Global rough diamond production in 2017 grew to levels not seen since 2008, and achieved its highest overall value since the Kimberley Process started gathering statistics in 2004 - and most likely the highest value ever for a single year of production. The volume of diamond output in 2017 surged by 19% to 150.9 million carats (126.4m cts in 2016), with the average price increasing 8% to $105 per carat. According to KP data, the total value of diamond production rose 29% $15.87 billion, topping the $15 billion mark for the first time in a single year, while import and export values remained nearly unchanged.
While Russia continued to be the largest rough diamond producer in 2017, increasing its output by 6% to 42.6 million carats, good for a 15% rise in value to $4.11 billion, the main driver of the increase in global production was Canada, where production volume rose 78% to 23.2 million carats, overtaking Botswana as the second-largest producer country by volume. By value, Canada production grew by 47% to $2.06 billion, making it the fourth largest producer in terms of value. The rise in Canada’s output is attributable to the production from two new mines - Gahcho Kué and Renard - which both entered full production in late 2016. Botswana continued to be a huge force in global diamond production, as the value of its diamond recoveries grew by 17% to $3.33 billion, the second-highest worldwide, and its volume climbed 12% to 23 million carats. Meanwhile, South Africa saw its production value increase by a whopping 147% to $3.09 billion, the third highest total in 2017, as the average price rose by 113% to $319 per carat.
Global rough imports increased 3% to $49.85 billion for the year, with total volume up 28% to 489.9 million carats. The average price of imports dropped 20% to $102 per carat. The leading importer of rough diamonds continued to be India, as its imports increased by 31% to $18.98 billion, backed by a volume increase of 40% to 195 million carats. India in 2017 was responsible for 40% of all rough diamond imports by volume and 38% by value. The European Union (EU) - mainly Belgium - was again the second leading importer of rough diamonds, increasing its imports by 41% in volume to 160 million carats, although the value of imports declined by a billion dollars. The EU represented 32% of all rough imports by volume and 25% by value. The United Arab Emirates (UAE) following in third place, importing 87 million carats, good for 18% of all imports in terms of volume and 14% in terms of value.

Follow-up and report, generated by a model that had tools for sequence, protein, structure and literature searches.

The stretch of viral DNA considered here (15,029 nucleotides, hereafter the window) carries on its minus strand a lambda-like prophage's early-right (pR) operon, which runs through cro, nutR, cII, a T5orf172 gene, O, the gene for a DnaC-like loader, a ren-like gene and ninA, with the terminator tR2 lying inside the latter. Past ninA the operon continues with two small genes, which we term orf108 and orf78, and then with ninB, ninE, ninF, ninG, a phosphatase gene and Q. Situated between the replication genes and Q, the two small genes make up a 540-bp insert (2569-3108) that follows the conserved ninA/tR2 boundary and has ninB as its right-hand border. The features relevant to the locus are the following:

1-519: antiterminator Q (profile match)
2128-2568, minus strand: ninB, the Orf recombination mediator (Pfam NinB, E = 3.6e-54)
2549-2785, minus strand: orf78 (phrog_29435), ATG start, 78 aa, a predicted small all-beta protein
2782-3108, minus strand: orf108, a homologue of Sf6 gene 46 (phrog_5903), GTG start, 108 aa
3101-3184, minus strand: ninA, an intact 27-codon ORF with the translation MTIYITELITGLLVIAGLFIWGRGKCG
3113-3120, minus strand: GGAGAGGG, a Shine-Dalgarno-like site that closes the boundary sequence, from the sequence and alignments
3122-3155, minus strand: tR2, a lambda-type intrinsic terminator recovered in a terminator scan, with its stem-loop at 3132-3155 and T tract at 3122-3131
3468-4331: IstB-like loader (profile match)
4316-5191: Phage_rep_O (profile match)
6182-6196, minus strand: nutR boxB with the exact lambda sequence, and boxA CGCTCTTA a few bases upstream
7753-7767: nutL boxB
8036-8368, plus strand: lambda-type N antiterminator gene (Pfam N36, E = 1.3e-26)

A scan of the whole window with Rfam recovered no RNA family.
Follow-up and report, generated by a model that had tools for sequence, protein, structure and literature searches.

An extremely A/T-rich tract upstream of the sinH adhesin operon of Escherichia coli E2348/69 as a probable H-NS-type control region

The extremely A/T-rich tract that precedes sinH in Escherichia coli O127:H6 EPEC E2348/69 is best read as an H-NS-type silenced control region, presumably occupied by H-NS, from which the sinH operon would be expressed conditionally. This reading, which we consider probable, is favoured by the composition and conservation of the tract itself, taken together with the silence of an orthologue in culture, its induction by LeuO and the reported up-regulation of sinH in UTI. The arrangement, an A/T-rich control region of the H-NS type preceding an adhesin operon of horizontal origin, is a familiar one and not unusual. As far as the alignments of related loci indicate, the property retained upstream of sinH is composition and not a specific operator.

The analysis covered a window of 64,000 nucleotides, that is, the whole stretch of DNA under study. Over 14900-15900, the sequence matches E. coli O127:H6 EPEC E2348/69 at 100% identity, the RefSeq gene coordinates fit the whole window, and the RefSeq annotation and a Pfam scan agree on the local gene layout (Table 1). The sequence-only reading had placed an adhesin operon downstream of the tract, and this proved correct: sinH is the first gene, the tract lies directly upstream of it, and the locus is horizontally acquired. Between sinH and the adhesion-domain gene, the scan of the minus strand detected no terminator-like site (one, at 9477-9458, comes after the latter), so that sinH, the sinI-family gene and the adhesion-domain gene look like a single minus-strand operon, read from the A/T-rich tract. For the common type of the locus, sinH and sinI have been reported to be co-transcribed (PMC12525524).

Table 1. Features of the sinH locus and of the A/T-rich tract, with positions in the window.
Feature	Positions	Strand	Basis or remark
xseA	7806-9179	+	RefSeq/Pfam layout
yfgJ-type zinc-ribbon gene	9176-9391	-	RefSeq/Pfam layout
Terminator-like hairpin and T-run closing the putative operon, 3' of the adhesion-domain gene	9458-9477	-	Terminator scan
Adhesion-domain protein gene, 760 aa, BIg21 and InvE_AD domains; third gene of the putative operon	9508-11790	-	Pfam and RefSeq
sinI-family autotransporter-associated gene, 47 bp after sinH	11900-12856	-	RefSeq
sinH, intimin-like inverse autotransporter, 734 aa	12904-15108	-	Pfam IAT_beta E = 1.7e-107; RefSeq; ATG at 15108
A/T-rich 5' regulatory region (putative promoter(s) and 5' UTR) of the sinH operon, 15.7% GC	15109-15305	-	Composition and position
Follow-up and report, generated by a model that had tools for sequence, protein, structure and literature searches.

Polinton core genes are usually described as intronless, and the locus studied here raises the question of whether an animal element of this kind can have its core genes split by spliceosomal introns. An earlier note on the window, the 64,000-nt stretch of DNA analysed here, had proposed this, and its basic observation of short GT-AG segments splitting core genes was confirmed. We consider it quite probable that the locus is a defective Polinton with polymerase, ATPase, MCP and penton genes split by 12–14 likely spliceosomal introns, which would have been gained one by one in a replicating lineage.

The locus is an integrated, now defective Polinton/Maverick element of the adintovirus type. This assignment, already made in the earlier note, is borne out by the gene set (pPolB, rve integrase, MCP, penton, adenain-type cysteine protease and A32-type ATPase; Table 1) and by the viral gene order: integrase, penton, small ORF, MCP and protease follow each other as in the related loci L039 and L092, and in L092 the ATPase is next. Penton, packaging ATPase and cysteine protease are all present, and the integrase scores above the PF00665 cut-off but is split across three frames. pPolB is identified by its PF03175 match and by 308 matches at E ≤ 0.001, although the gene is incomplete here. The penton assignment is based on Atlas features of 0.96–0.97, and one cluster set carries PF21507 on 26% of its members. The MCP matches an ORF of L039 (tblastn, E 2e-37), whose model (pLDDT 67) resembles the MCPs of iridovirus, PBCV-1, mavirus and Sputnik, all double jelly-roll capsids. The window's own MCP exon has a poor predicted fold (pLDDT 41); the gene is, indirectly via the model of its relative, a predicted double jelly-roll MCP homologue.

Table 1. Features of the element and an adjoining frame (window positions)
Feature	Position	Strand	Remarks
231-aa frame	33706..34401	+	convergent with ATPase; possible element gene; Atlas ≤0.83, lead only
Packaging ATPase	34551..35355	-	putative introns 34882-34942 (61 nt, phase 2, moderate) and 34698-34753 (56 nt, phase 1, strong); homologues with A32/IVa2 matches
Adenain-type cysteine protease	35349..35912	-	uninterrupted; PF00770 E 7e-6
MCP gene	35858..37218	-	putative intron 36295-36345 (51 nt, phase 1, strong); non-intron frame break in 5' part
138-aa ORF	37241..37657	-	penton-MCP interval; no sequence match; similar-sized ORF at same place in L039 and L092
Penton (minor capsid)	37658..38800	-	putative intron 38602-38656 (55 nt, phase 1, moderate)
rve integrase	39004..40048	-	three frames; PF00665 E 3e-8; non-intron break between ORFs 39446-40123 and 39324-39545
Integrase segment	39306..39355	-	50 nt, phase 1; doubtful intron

Exports of rough diamonds went up 3% to $49.94 billion, and by volume rose 18% to 453.6 million carats. The overall average price of rough exports fell 13% to $110 per carat. Exports from the EU fell 3% to $12.68 billion but increased by 27% in volume at 129.2 million carats, making it the largest export center for rough diamonds. Some 28% of all rough exports by volume and 25% by value originated in the EU, followed by the UAE, Botswana and Russia. The EU also issued nearly 32,000 of the 70,000 KP certificates issued worldwide. Excluding an outlier in the form of Cameroon, which curiously had an average price per carat of $522 for only 1,757 carats, this year Namibia displaced Lesotho for the country with the highest average price per carat achieved, at $519. Sierra Leone achieved $423 per carat from 289,141 carats, while South Africa's leap to $319 per carat put it ahead of Lesotho, which fell to an average of $304 per carat while nearly quadrupling it production to 1.13 million carats with the arrival of the Liqhobong mine.
Rapaport News created this handy overview based on Kimberley Process statistics.
Image: Stornoway Diamonds